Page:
If you love the great outdoors and hiking, don’t let a bit or even a lot of snowfall stop you from enjoying walks and being with nature. As long as you are prepared with what you wear and what you bring, you’ll be safe from the cold, stay warm while you enjoy treading along the snow with your snowshoe.
Snowshoeing has been done by our ancestors for ages to travel from one place to another. So, if they can do it without the help of modern clothing technology, why can’t you when at this age most of the stuff to keep warm are available in the market? Don’t let the cold get to you, grab those snowshoes and layer yourself with the following to keep you insulated while snowshoeing.
Beginners in any new activity tend to be either over-prepared or under-prepared. The disadvantage of being overly prepared is bringing unnecessary items that won’t be used and just adds to the weight you’re bringing. While being underprepared can put you into discomfort, inconvenience, and even panic. To avoid these mishaps, plan and prepare the basic essentials for your walk on a snow day. Here are some of the basic things you should have:
- The mountaineering/hiking essentials such as navigational tools, first aid kit, knife, fire starter kit, extra food and water, extra clothes, gloves, goggles, sun protection, mobile phone, etc.
- Suitable snowshoes for your weight, terrain, and weather conditions
- Warm, waterproof footwear
- Layers of clothing to protect you from the cold weather and moisture
- Adjustable poles
The Snowshoeing Attire
What you wear for snowshoeing is not about giving a fashion statement but rather about surviving the hike in the cold. If it’s your first time, it will influence your experience and determine if you will do it again.
Snowshoeing will expose you to cold for a longer period compared to when you’re just walking on the street on a snowy day. To keep you warm, dress in layers of clothing that you can easily adjust in case of quick-changing weather. As you hike, your body temperature will also change. Adding or removing layers as needed will keep your body at the right temperature.
The base layer clothing is the apparel closest to your skin such as a form-fitting shirt or a pair of tights. Because the base layer is the closest to your body, it plays an important role in keeping your body warm and dry.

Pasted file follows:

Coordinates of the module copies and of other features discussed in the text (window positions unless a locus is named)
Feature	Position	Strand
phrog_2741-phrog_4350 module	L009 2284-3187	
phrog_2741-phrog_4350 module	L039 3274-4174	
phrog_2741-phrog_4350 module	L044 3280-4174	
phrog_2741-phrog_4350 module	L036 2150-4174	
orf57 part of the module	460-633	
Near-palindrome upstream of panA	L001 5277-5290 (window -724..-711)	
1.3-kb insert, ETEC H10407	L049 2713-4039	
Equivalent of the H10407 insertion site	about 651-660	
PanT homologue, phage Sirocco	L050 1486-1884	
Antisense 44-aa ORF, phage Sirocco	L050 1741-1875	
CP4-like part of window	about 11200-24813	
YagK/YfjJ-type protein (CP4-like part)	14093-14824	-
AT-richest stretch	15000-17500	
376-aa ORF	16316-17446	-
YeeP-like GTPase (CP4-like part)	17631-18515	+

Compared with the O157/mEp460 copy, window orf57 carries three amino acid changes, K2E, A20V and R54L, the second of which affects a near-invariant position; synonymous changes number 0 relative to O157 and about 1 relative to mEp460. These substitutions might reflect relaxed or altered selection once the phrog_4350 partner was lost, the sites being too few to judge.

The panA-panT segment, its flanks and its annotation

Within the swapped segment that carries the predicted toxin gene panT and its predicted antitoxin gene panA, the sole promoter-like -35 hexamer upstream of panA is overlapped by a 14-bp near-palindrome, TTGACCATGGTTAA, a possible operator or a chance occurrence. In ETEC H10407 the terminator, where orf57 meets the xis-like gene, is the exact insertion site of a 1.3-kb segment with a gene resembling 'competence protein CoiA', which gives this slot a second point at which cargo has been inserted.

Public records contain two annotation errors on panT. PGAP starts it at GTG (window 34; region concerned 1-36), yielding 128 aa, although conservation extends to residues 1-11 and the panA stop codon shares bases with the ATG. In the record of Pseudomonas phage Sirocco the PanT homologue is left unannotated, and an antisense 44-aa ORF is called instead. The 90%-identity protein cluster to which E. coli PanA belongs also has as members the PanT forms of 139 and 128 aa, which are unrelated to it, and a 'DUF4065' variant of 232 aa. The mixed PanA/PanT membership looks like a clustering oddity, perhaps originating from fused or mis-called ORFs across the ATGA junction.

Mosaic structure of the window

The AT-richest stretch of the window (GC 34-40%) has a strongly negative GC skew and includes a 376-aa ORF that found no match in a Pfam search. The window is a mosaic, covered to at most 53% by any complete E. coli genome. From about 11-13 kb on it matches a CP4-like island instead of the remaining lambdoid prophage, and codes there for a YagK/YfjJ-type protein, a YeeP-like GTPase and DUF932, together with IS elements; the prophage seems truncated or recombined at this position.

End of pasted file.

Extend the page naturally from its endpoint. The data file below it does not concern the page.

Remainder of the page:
Most base layer clothes are made of polyester, merino wool, and silk because of their moisture-wicking feature and insulation ability. But since each person has their own skin qualities that may not always agree with every material. If you have sensitive skin, some fabrics may not be compatible with your skin type and may cause your skin to itch or chafe. So, choose a fabric material that your body prefers and will serve its purpose of keeping you comfortably dry and warm.
The mid-layer of your attire provides insulation when you are snowshoeing. Even when the weather is fine, bringing a mid-layer just in case the weather changes, you will be kept insulated. Fabrics you can consider using as mid-layer clothing are fleece, polyester, down or synthetic down. But of course, choosing mid-layer clothing must agree with your skin and how your body temperature operates.
The outer layer is your first protection against outdoor elements such as wind, snow, and rain. Therefore, it is necessary to get an outer layer that can fight these elements. The best choice would be a waterproof windbreaker or hardshell jacket that can shield you from the cold wind and moisture from rain and snow.
Just like what you wear for your upper body, the priority is still to keep your skin and body warm and dry down to your lower body to your feet. You can use breathable waterproof rain pants to repel water or moisture from penetrating your mid-layer and base layer or insulated ski pants to retain warmth.
The feet are the closest part of your body closest to the snow when snowshoeing. Therefore, it is extremely important to cover this part absolutely well to avoid getting cold feet, literally. You can wear boots or shoes as long as it is well-insulated and waterproof. Choose footwear that has leather or rubber uppers and thick soles. But if you have a pair of leather hiking boots, this could do as well.
Focusing on warm and dry skin when winter hiking, you should be wearing synthetic or wool socks with moisture-wicking capability. This will directly protect and keep your feet’ skin warm.
Even when you already have a waterproof pair of pants and shoes, you still need to cover the gap between them so the snow can’t penetrate your socks. The best way to cover it up is by wearing gaiters. It doesn’t need to be fancy or expensive, it just needs to be waterproof to do the job.
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Snowshoes and Microspikes
If you still don’t have your own snowshoes, you can still rent gear. Make sure that it is suitable for your weight and weather conditions. Moisture plus snow is equal to a slippery surface. Microspikes are used to get through the icy trails without slipping.
Gloves or Mittens
Hands can also get cold easily. Gloves and mittens are obviously part of an outfit on a cold day – what more if you’re taking a walk on trails full of snow? The goal is still to keep any part of your skin warm and dry so choose a glove material that will do just that. You can combine waterproof but breathable cover with wool liners or light fleece gloves. But then again, always check the weather to avoid getting too hot or too cold.
To make your winter hiking or snowshoeing bearable and even enjoyable despite being exposed to cold or heat, is to bring the proper gear and wear proper attire. You should always check the weather before doing the trip to make sure you are ready with all your gear and clothing. The weather isn’t always constant throughout the day so it’s better to be prepared just in case.